2. The reason everyone has been ignoring (particularly on the CES show floor) is that the tablet form factor just isn’t all that functional.  If you’re sitting on your couch, it’s okay to use your touchscreen tablet to web browse a little, play MP3s, watch your videos, or use Facebook.  But if you’re doing any serious work on your PC like writing a letter, manipulating files, configuring complex software, using Photoshop…you will want a keyboard and mouse.  The tablet form factor is great for fun stuff, not for serious stuff.

And yes, the device that solves both of these problems is the notebook.  Notebooks have keyboards, pointing devices, and are getting lighter, smaller, cheaper, and more powerful by the minute.

We are already seeing people merge notebooks with tablets – HP has a pretty cool notebook called the TouchSmart tm2 (that’s right, I said “HP has a cool notebook”), which features a foldaway screen.  (Not a new idea, but theirs is very slick.)  Lenovo (formerly IBM) unveiled at CES a notebook with a detachable touchscreen (shown above.)  The writing is on the wall, guys – notebook/tablet combos will make pure-play tablets pointless.  And notebook-tablets with e-ink screens will make e-readers pointless.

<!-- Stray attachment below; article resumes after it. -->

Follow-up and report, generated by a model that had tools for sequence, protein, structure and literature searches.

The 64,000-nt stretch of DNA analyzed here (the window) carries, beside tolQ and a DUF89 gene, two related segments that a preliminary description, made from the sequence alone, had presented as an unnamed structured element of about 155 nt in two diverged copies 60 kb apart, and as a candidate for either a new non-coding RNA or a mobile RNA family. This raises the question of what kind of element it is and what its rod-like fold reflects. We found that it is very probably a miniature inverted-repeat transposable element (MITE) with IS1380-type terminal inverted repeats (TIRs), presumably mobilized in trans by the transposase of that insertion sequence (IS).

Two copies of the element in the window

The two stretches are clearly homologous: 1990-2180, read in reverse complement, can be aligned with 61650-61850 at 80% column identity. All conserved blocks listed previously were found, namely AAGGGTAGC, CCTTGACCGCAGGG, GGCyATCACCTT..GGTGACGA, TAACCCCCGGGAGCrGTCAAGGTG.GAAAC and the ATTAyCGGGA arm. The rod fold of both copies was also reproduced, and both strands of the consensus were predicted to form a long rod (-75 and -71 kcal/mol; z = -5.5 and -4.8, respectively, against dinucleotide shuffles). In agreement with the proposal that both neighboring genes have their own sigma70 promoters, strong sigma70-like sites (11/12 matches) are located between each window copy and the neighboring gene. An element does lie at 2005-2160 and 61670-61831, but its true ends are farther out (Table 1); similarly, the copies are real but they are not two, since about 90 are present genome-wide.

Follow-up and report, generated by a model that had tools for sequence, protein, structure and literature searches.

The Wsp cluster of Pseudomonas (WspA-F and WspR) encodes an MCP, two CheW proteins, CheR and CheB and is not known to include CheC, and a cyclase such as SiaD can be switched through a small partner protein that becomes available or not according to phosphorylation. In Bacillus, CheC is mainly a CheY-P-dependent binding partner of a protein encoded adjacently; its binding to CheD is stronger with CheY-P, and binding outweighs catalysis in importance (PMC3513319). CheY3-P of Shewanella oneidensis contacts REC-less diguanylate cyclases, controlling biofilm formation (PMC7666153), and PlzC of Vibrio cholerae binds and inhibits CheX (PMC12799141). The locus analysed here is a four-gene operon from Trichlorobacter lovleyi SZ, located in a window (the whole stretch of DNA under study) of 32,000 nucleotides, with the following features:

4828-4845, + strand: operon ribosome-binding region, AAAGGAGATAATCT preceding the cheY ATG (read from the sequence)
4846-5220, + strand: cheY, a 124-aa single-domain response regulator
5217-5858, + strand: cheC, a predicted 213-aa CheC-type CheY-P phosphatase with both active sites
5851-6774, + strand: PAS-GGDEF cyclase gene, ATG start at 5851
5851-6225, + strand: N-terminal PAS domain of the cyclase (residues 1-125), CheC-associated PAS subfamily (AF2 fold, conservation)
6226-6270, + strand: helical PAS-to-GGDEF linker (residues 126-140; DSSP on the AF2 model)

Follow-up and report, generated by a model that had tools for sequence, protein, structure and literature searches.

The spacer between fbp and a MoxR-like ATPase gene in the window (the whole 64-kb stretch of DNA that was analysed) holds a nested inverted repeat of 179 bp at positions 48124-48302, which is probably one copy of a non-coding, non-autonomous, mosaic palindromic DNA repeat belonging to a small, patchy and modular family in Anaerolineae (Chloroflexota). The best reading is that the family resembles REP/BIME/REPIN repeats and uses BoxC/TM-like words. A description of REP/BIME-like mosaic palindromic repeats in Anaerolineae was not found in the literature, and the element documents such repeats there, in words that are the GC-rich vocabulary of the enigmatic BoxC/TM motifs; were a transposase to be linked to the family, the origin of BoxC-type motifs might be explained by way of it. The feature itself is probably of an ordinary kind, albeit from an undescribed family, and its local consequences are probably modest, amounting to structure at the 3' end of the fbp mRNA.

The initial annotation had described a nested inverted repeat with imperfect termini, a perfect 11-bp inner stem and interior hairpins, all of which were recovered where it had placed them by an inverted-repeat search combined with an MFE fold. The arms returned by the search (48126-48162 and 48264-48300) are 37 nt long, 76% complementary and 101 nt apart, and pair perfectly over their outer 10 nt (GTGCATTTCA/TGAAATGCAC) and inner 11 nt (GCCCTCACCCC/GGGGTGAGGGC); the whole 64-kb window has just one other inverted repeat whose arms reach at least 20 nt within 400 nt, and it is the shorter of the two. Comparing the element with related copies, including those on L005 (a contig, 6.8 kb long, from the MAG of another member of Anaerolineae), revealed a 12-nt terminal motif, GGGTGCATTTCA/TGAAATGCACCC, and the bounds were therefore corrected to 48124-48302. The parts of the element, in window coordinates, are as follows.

The only question is how long this will take.  I give it 3 years.  I think the fax machine will still be around by then.

And the Oscar for Worst Tagcloud goes to…The Grammys

If you’re a regular reader here, you know how much I love (read: hate) tagclouds.  In the vast majority of implementations, they only serve SEO benefits and are almost impossible for users to read aside from the 2-3 largest links.  Most are an utter waste of space.

So when I was sent this example which demonstrates everything that is unholy about tagclouds, I had to share.

Wherever should I click...

Wherever should I click...

See it in all of its glory here.

Proprietary e-readers are doomed



Few tech gadgets these days inspire more wonder and press buzz than e-readers.  While Amazon didn’t pioneer the e-reader space, they did popularize it with their bookworm-friendly Kindle.  The Kindle, while rather feature-poor as a device, is great for pure book reading, and the passion shown by its users has apparently inspired many other companies to follow suit by developing their own e-readers.